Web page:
McGreevey, Thomas lob accusations after ex-gov. fired from Jersey City non-profit

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Former Gov. Jim McGreevey (D) was fired from his job as the executive director of the Jersey City Employment & Training Program last night and he and Board Chair Sudhan Thomas both made bold accusations after the fact. 

“I just want to say, please, take into consideration that we all love him: we love this man here, we love him. Thank you, thank you Mr. McGreevey and I think everyone in this program,” said Gary Span, a JCETP client who served 120 months in prison and credited McGreevey for helping him get back on his feet – culminating in his right to vote being restored.

The public portion of the meeting lasted for about 90 minutes, with all 27 speakers from across the Garden State, hailing from locations spanning from West Caldwell, Paterson, Bayonne, and North Bergen, speaking in McGreevey’s favor.

“I don’t get into politics, but I smell politics. I smell poli-tricks going on. Now, you hear from a lot of people that are telling you their experience,” said Jeffrey Jones, who did not mention where he was from.

“You said the program’s not going anywhere, but you’re hearing from people whose telling you that the program is working as it is, with the people who are in place working and serving the community.”

Another speaker, Pastor Steffie Bartley, the New Jersey Coordinator for the National Action Network, warned the board that the organization was watching and that keeping McGreevey was the right thing to do.

“I believe that you’ll understand, that in order to do what Jim McGreevey does, he has to be able to look at individuals that have dirty hands but clean hearts,” he said.

Prior to the vote on McGreevey’s employment, Board member Jake Hudnut, also Jersey City’s municipal prosecutor, urged the board against ousting the executive director in a hasty fashion.

” … The effect that you are going to have on court involved, formally court involved, low income people of color, predominantly, unfortunately because of the criminal justice system, is unbelievable,” he said, urging the board to be rational and meet in the middle to resolve the conflict.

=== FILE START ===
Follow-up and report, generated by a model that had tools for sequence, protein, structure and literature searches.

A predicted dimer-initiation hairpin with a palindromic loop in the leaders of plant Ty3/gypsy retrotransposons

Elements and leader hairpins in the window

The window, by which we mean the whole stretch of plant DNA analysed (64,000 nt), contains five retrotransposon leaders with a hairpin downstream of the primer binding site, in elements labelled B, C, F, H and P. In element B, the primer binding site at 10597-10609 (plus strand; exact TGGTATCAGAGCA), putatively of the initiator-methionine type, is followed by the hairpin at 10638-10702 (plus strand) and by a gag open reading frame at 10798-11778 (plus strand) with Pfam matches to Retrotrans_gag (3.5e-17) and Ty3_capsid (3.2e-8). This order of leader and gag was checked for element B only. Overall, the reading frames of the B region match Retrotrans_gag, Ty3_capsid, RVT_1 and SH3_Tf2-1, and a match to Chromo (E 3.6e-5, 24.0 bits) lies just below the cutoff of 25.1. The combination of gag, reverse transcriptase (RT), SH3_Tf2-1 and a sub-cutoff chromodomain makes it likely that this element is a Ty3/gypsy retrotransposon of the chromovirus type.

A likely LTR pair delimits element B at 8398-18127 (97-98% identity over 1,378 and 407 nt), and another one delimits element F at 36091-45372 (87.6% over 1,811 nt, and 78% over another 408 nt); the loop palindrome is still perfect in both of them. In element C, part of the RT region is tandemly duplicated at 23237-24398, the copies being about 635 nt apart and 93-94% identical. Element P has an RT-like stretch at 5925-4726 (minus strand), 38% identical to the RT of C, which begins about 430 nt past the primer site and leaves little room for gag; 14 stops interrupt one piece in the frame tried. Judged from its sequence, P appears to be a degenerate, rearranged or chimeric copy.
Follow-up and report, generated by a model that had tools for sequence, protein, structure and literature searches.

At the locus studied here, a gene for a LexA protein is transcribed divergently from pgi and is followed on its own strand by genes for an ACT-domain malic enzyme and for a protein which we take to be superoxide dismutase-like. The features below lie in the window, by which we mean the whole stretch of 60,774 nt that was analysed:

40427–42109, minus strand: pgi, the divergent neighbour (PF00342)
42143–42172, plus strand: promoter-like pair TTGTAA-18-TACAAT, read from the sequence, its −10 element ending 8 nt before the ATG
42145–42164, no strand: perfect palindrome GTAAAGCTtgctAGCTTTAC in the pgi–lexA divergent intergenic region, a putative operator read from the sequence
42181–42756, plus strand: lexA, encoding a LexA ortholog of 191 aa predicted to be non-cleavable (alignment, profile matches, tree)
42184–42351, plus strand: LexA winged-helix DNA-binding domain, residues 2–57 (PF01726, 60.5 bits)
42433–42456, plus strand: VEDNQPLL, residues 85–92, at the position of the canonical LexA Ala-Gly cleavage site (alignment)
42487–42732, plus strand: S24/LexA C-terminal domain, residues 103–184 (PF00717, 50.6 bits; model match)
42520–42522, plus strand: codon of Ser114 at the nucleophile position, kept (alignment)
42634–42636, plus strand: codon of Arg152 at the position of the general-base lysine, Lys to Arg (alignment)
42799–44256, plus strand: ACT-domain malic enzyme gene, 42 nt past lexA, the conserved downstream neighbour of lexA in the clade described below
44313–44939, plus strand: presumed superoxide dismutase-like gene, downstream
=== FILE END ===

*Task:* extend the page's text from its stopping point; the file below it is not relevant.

Hudnut’s remarks were not enough to turn the tide of the vote, with McGreevey being terminated by a tally of 5-3(1).

Thomas, Rudolph Daniels, Mark Rowan, Stacey Flanagan and Jeremy Farrell voted yes, while Hudnut, Darrell Laval and Vice Chair Robert Knapp voted no.

Anthony Lewis, a police lieutenant and Mayor Steven Fulop’s driver, abstained.

Speaking one-on-one with HCV, McGreevey expressed disappointment that he was never given an official reason for being removed and attributed his downfall to firing Eugene McKnight, a Ward F political operative who has been utilized by Fulop, back in March.

“What I did, I believe was proper. Mr. McKnight was a former employee, a political operative of the mayor, was candidly asking for $40 a month from our clients – I thought that was improper, Chairman Jones thought that was improper,” McGreevey stated.

“He was dismissed, we were asked to talk to the Federal Bureau of Investigation – unfortunately we suffer the consequences.”

He declined to comment further, but in a separate interview, Thomas called the notion that the McKnight firing cost McGreevey his job “imaginations and fantasies.”

“This is just one more smokescreen among the many that has been put in front of us. The mayor has nothing to do with this, he doesn’t given instructions, but if he did, you know that I wouldn’t listen to him,” Thomas exclaimed.

“So I think I have that reputation out there so this is more or just imaginations and fantasies.”

Fulop has previously accused McGreevey of misappropriating funds, a claim he has refuted and asking the mayor to retract. No evidence regarding misappropriation of funds came up at the meeting, nor was the subject even addressed.

Thomas declined to get into any specifics as to why the executive director was removed since he had sent all the board members a letter threatening to sue if he was fired, but he indicated that McGreevey had been using JCETP to promote his New Jersey Re-Entry Corporation – a separate entity – which was a disservice to Jersey City residents.

As part of the approved resolution to fire McGreevey, Thomas will take over as JCETP’s acting executive director for six months with no compensation. McGreevey earned an annual salary of approximately $119,000 a year.

This is the second high-profile hearing Thomas has been a part of in the last week.

On Thursday, the Jersey City Board of Education, where he is the president, passed a resolution that said Superintendent of Schools Dr. Marcia Lyles will not have her contract renewed next year.

On Twitter minutes ago, Ward E Councilman James Solomon said that Fulop either hired McGreevey for political reasons in 2014 or had him fired for political reasons last night – either of which is not good government.

While a city spokeswoman did not immediately return an email seeking comment, Thomas reiterated that McGreevey was fired via a board vote and that the NJ Re-Entry Corporation and JCETP are two separate entities.

The meeting streamed live on our Facebook page and can be viewed below: